And that's because there's no direct connection between that data and organizational knowledge gaps.  Yet this article references a report that discusses how "knowledge gaps exist within all levels of today's organizations - gaps that must be addressed."  And someone from the American Management Association then states that "Professionals at all levels have to know what questions to ask and how to make wise choices based on data."


If you have "professionals" at any level in your organization sitting around making decisions based soley on data....be afraid, very afraid.  On the other hand, that could actually explain some of the problems that we do see in many organizations.


So, let's just back the truck up for a moment and start with a discussion of what data is. 


Wikipedia:  "Data as an abstract concept can be viewed as the lowest level of abstraction from which information and then knowledge are derived."


For our purposes let's cut to the chase and come out and say that knowledge comes from the understanding of something, based on for example, association and reasoning and cognitive thought.  And so on.  Data, not so much.  In fact on its own data actually doesn't help us much. 


It's sort of like knowing that your intended destination is 300 miles ahead of you, but you lack any knowledge of how to get there and so simply knowing the 300 miles isn't all that useful until you begin to reason out means of travel, capabilities, costs, time constraints, that pesky mountain range in between, and so on.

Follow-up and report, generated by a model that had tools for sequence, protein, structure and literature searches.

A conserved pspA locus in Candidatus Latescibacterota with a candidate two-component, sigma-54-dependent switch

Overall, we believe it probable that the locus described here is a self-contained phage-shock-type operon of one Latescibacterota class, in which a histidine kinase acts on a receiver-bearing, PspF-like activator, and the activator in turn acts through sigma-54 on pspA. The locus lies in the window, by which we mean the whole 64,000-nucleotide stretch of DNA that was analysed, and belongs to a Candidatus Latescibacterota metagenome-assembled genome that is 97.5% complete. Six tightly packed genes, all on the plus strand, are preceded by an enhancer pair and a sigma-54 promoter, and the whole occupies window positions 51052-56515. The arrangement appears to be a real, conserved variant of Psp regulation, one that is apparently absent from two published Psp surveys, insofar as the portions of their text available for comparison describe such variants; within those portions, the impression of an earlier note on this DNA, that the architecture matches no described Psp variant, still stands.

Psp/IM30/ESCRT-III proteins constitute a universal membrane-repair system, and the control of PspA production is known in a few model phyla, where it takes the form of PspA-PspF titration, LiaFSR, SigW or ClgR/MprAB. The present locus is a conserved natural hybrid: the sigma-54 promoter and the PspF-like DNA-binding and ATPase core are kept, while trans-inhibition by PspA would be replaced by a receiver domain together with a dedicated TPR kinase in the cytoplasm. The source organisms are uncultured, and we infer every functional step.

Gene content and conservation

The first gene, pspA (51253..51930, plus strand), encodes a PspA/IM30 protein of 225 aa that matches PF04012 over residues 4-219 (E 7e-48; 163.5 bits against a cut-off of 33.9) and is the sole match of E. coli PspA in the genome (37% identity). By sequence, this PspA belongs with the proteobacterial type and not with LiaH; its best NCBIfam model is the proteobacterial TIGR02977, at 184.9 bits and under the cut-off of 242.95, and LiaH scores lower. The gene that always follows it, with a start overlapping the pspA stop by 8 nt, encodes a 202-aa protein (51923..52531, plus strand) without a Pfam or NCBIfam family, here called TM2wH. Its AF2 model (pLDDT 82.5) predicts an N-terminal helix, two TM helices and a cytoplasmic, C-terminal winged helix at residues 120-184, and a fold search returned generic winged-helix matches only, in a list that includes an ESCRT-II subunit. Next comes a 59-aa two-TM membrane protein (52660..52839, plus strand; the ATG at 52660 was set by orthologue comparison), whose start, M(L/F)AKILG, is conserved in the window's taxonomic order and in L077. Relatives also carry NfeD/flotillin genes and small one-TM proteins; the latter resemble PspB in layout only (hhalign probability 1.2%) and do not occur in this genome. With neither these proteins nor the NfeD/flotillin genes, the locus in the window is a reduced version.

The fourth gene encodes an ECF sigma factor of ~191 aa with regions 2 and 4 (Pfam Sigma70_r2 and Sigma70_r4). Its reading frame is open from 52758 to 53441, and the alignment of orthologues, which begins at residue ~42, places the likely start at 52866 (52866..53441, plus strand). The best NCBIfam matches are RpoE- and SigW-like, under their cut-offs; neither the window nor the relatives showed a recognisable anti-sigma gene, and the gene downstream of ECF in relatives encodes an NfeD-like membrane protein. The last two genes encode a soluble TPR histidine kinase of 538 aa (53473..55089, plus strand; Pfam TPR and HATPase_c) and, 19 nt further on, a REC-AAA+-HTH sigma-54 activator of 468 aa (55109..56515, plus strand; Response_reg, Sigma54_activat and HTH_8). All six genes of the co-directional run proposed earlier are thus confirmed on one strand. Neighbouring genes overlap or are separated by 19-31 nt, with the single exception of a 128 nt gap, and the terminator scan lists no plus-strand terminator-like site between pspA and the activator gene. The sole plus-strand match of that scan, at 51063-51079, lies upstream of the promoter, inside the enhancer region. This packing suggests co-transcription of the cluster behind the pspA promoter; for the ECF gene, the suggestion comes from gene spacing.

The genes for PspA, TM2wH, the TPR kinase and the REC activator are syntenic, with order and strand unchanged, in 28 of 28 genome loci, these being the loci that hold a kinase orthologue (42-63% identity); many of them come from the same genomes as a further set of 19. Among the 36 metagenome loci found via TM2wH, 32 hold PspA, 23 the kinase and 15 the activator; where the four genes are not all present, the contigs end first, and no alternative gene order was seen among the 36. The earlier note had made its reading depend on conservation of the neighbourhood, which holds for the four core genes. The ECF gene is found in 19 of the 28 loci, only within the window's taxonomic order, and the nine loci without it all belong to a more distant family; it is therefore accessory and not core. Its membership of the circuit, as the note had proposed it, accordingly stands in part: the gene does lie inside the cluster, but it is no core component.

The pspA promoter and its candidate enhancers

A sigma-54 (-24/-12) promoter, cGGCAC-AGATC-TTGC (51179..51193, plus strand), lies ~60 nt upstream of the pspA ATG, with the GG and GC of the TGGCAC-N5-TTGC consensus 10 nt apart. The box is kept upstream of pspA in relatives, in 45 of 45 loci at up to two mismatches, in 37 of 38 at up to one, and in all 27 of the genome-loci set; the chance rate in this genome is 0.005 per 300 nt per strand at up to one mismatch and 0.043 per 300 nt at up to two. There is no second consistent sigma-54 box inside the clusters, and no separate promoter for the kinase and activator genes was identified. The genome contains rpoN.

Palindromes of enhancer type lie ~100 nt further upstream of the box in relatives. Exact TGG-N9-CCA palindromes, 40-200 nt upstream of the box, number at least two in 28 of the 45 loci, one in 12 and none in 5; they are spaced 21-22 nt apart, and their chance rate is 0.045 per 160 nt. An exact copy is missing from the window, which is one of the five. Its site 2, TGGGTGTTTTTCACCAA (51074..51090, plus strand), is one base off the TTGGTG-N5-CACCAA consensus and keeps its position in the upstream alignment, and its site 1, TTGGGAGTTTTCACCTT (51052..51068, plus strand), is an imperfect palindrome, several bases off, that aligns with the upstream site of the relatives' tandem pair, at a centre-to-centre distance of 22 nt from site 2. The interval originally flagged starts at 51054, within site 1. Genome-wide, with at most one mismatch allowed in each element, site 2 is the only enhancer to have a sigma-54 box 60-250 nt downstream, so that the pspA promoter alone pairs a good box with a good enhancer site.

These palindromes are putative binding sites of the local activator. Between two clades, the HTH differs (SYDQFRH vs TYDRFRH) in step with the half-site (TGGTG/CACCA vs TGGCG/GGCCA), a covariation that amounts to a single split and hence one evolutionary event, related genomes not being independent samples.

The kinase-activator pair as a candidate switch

The point that I'm hoping to make is that there is no such thing as a "Big Data Knowledge Gap."  Nope.  No such thing in knowledge management.  And knowledge management "owns" knowledge gaps.


That's not to say that Big Data doesn't have an implication upon an organization's knowledge management efforts.  But "big data" (or any data) does not for a knowledge gap make.  Nor does "big data" produce "actionable decision-making data" as this article would suggest (whatever the heck that would be anyway).  Big data can lead you towards that direction, when you understand what that data means.  What that 300 miles means.  And from that you can then consider how what you learn from the data and informaton might be applied to the organizational knowledge gaps from, for example, and decision making perspective.